Growing up, I’d heard the story many times: grandpa was a young sailor with the merchant marines when his ship that sunk at sea, grandma saw the newspaper article with his photo and dreamed of marrying him years before she’d met him, the incredible twist of fate that brought them together, and the moment she was shocked to find out he was the man from the newspaper article years earlier.
I’ve always wanted to document my grandparents’ story, not just because it’s so fascinating and unique but because, in a way, it’s my entire family’s story. As it’s Valentine’s Day, I thought the time was right to finally write it, and I feel extremely privileged and honoured to have been able to do so for Zoomer Magazine:
On August 27, 1946, violent ocean winds pummeled the merchant marine freighter Fort Boise against the unforgiving rocks off Dog Island shoal, near the coast of eastern Canada. Fog engulfed the doomed vessel and, according to an account in the Toronto Daily Star, the wind and waves conspired to, “(break) her back within an hour.” Blind in the haze and tossed about in the wreckage, the crew made a desperate dash for the lifeboats….
I shot this in Times Square, New York City, from across the street while waiting for the light to change. Before the photo, Elmo was hugging an admirer and by the time I crossed the street he was heading deeper into the heart of TImes Square with fans in tow. It was just this instant when his body language, posture, and expression made the scene possible. Alvin’s beady eyes as he gets a hug added to what appears to be Elmo’s anguish.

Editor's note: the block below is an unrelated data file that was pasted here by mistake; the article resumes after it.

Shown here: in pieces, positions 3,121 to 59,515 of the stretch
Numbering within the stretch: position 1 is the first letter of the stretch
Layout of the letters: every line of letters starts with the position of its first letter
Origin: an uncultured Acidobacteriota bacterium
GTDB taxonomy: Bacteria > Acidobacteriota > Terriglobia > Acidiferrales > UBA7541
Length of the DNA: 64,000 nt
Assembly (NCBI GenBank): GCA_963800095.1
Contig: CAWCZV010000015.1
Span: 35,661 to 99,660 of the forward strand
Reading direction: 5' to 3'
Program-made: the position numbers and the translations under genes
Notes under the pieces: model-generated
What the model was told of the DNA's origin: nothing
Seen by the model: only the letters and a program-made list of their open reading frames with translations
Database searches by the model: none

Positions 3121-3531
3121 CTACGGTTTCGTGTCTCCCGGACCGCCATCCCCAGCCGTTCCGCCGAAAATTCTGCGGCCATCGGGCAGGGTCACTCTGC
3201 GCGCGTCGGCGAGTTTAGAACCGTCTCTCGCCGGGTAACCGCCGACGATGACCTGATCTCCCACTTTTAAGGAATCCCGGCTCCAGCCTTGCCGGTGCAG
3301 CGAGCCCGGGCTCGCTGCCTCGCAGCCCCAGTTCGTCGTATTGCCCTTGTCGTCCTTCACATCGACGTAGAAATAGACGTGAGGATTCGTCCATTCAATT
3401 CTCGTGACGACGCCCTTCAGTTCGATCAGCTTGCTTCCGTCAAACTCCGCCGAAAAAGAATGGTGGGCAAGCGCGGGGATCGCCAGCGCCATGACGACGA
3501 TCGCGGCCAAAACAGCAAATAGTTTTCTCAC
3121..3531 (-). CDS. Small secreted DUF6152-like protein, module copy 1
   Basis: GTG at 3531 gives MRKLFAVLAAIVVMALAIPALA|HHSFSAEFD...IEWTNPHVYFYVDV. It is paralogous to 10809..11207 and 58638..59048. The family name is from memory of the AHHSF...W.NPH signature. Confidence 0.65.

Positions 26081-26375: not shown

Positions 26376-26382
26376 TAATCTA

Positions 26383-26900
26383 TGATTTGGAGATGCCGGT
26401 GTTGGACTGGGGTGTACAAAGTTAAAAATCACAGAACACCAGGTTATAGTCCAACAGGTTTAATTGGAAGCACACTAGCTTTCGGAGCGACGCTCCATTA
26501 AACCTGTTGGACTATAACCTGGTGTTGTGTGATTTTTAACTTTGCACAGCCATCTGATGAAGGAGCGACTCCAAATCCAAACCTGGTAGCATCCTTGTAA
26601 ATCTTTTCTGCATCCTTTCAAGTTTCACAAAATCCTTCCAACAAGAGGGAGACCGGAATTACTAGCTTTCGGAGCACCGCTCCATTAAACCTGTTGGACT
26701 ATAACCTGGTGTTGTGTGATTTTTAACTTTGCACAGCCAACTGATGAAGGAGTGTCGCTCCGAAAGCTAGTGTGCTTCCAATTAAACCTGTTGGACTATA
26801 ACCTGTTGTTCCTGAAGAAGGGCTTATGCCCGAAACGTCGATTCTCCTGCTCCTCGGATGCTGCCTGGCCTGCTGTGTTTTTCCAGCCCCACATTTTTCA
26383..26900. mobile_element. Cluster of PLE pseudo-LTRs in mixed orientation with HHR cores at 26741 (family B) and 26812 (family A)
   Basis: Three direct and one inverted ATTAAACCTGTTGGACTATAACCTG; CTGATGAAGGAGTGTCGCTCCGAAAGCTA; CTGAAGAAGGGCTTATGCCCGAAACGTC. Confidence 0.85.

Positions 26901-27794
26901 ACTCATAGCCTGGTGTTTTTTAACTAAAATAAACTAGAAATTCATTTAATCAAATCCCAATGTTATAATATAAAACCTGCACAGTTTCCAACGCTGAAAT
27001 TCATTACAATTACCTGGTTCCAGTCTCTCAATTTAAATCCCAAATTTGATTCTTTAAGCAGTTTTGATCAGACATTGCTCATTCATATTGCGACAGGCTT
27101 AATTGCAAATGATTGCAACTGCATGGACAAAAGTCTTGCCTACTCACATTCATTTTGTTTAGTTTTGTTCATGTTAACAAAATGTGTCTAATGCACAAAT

A few weeks ago, walking along Toronto’s harbourfront, I was approached by a curious little duck who proceeded to stare up at me before taking some time to chew on my shoelace.
Luckily, I had my camera on my and started to take a few shots as this little guy tried to figure out what this clicking machine that I stuck in his face was. He was a great subject too — he seemed to pose every time I wanted to take a shot. I guess it was a duck version of “blue steel.”
I left after a few minutes to run to the store, but when I returned a passing dog had scared him away and I was left standing with a loaf of bread and no fowl to feed. That meant a lot of sandwiches for the next week or so. And with every corned beef or tuna and cheese, I thought of him.
I got lucky here. No tripod. No solid surface to shoot from. Clear evening. The only bench on the Dufferin Terrace Boardwalk that wasn’t occupied. A camera that has a tendency to shoot less than crisp images.
Shot on a recent trip to Quebec City. The city never fails to inspire.